More than a dozen drivers honked their horns as they circled around Cesar Chavez Park in downtown San Jose with “sign AB 3216” inscribed on their car windows.
Their message was directed to Gov. Gavin Newsom, who they want to sign Assembly Bill 3216, which is designed to provide significant labor protections for hotel, janitorial, airport, event center and building maintenance workers.
“Thousands of working families are unemployed because of COVID and are afraid that we may be left behind — that when employers reopen that they may not take us back,” said Maria Noel Fernandez, campaign director for Silicon Valley Rising.
“I’m scared that when it’s finally safe to re-open, my employer could use the pandemic as an opportunity to discriminate against longtime workers.”Dolores Domingues, hotel worker
The legislation, also known as the Right to Recall, was authored by Assemblymember Ash Kalra and passed by lawmakers earlier this month. Among other provisions, the bill would allow employees who have been laid off due to the coronavirus pandemic, a government shutdown or other public health emergency preferential treatment to be hired back for other jobs they’re qualified for.
If passed, supporters say the bill would ensure service workers in industries hardest hit by COVID-19 closures are offered the first right to be rehired once their employers resume operations. Since March, COVID-19 related job losses in hospitality, airport, food service and event services has soared, proponents said, with 59% of workers in the hospitality industry filing for unemployment.
The bill needs a signature from the governor to go into effect. He has until Sept. 30 to decide whether to approve or veto the bill.
Several cities in California have already passed local right of recall legislation, including Los Angeles, Santa Monica, San Diego and Oakland.
While approximately 25 cars circled around Cesar Chavez Park at noon Sept. 22, across the street from a series of hotels, about 15 protesters met inside the park to hold a news conference organized by Unite Here Local 19.
Jeff Barrera, Silicon Valley Rising communications director, said most of the protesters drove or rode around the park as a creative way to practice social distancing.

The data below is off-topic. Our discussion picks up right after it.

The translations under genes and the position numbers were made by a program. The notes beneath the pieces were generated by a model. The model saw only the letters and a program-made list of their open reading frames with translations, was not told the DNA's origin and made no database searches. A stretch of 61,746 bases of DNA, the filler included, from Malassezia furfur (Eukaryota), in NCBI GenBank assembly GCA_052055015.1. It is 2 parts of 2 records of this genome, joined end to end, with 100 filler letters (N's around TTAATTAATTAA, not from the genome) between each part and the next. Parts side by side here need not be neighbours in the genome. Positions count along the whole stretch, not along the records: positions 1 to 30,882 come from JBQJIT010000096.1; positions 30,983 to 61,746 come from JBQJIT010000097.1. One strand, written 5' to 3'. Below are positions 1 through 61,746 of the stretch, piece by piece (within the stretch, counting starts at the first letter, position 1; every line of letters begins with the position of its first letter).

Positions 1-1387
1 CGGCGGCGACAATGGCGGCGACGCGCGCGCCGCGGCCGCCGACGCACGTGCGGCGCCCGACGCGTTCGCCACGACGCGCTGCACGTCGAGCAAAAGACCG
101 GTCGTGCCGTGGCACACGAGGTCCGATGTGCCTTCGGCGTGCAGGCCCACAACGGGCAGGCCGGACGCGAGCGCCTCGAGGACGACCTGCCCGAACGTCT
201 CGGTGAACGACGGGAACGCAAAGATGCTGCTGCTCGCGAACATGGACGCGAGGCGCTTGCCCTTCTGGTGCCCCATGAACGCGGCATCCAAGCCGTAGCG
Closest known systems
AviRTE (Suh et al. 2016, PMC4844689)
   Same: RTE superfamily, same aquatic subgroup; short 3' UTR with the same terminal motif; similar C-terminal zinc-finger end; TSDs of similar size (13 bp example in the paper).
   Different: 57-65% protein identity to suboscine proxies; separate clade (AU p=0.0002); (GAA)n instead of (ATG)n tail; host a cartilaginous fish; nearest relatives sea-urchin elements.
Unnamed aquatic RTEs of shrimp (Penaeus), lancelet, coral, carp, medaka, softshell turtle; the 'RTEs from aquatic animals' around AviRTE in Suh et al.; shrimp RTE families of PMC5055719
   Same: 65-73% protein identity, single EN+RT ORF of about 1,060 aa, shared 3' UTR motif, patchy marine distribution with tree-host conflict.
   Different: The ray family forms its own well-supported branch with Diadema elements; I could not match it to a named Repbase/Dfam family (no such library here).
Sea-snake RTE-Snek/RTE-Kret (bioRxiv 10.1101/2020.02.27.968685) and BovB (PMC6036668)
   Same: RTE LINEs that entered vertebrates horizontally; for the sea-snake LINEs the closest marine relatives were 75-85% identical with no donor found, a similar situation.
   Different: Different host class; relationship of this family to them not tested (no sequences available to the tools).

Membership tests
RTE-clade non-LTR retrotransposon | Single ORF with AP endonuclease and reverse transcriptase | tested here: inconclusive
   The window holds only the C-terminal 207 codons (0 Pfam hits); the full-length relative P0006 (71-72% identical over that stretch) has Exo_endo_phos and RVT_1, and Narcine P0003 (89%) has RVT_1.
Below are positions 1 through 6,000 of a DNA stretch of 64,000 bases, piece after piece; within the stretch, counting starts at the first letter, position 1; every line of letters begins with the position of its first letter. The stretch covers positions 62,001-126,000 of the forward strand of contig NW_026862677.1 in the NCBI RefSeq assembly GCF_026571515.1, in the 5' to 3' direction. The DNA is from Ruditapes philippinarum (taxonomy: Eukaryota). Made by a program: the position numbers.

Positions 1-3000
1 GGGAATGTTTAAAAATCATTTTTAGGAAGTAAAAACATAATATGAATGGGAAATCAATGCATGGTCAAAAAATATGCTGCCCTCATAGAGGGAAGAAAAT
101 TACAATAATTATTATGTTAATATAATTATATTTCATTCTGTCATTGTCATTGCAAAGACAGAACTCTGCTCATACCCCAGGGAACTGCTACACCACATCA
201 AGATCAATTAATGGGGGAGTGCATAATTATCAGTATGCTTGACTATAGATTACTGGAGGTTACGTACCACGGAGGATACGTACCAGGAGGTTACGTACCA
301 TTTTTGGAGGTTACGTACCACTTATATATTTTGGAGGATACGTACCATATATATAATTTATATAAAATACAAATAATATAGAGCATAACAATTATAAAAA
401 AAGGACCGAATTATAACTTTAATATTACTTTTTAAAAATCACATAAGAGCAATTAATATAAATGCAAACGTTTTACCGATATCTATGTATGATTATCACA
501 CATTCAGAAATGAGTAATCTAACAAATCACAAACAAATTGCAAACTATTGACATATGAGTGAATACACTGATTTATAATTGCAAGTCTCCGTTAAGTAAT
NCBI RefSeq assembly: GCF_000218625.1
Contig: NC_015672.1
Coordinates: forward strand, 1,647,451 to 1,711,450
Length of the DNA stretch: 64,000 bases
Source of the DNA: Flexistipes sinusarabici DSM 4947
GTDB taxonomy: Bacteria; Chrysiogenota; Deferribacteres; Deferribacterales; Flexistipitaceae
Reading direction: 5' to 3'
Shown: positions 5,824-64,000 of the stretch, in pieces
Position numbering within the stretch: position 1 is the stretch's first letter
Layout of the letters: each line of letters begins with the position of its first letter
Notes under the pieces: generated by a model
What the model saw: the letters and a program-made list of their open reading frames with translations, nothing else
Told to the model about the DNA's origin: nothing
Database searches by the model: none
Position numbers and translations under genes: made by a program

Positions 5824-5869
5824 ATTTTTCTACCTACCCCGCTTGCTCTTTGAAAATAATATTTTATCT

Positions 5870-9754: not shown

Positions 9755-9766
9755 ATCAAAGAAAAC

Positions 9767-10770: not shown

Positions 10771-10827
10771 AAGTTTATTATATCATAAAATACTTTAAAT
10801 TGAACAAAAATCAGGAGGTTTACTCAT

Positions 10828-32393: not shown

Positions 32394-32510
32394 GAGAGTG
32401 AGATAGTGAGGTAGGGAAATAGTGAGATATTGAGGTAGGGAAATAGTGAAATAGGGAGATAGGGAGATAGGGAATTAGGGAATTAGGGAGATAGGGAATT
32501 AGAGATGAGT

“I’m scared that when it’s finally safe to re-open, my employer could use the pandemic as an opportunity to discriminate against longtime workers,” said Dolores Domingues, a banquet server at DoubleTree by Hilton hotel. “In the hospitality industry, so many service workers are immigrant women like me who have also fought to improve conditions across our industry. The governor needs to sign AB 3216 to ensure that my family can continue to build a stable future.”
After the news conference, the AB 3216 supporters set out to Sacramento. They joined a coalition of organizations around California in “caravaning” to the state Capitol to send their message to the governor.
In addition to San Jose, groups of workers from Oakland, Los Angeles, San Diego, Pasadena and Santa Ana participated in similar caravans. The workers wrote a letter to Newsom, outlining what signing the bill would mean to them and their families.
AB 3216 is supported by unions but opposed by the California Chamber of Commerce and is featured on its annual “job killers” list.
An ‘ornerous’ bill
The California Chamber of Commerce describes the bill with the following text: “Imposes an onerous and stringent process for specific employers to return employees to the workforce, which will delay rehiring and subject employers to litigation for any alleged mistakes.”
Louise Auerhahn, director for economic and workforce policy at Working Partnerships USA, said when the California Chamber of Commerce originally complained about the bill months ago, amendments were made to address the business-advocacy group’s concerns. However, she said that wasn’t enough.
“At this point it really seems like they’re just opposed to workers having any rights,” Auerhahn said.
Contact Luke Johnson at email@example.com and follow @Scoop_Johnson on Twitter.
Editor’s Note: Derecka Mehrens, the executive director of Working Partnerships USA, serves on San José Spotlight’s Board of Directors.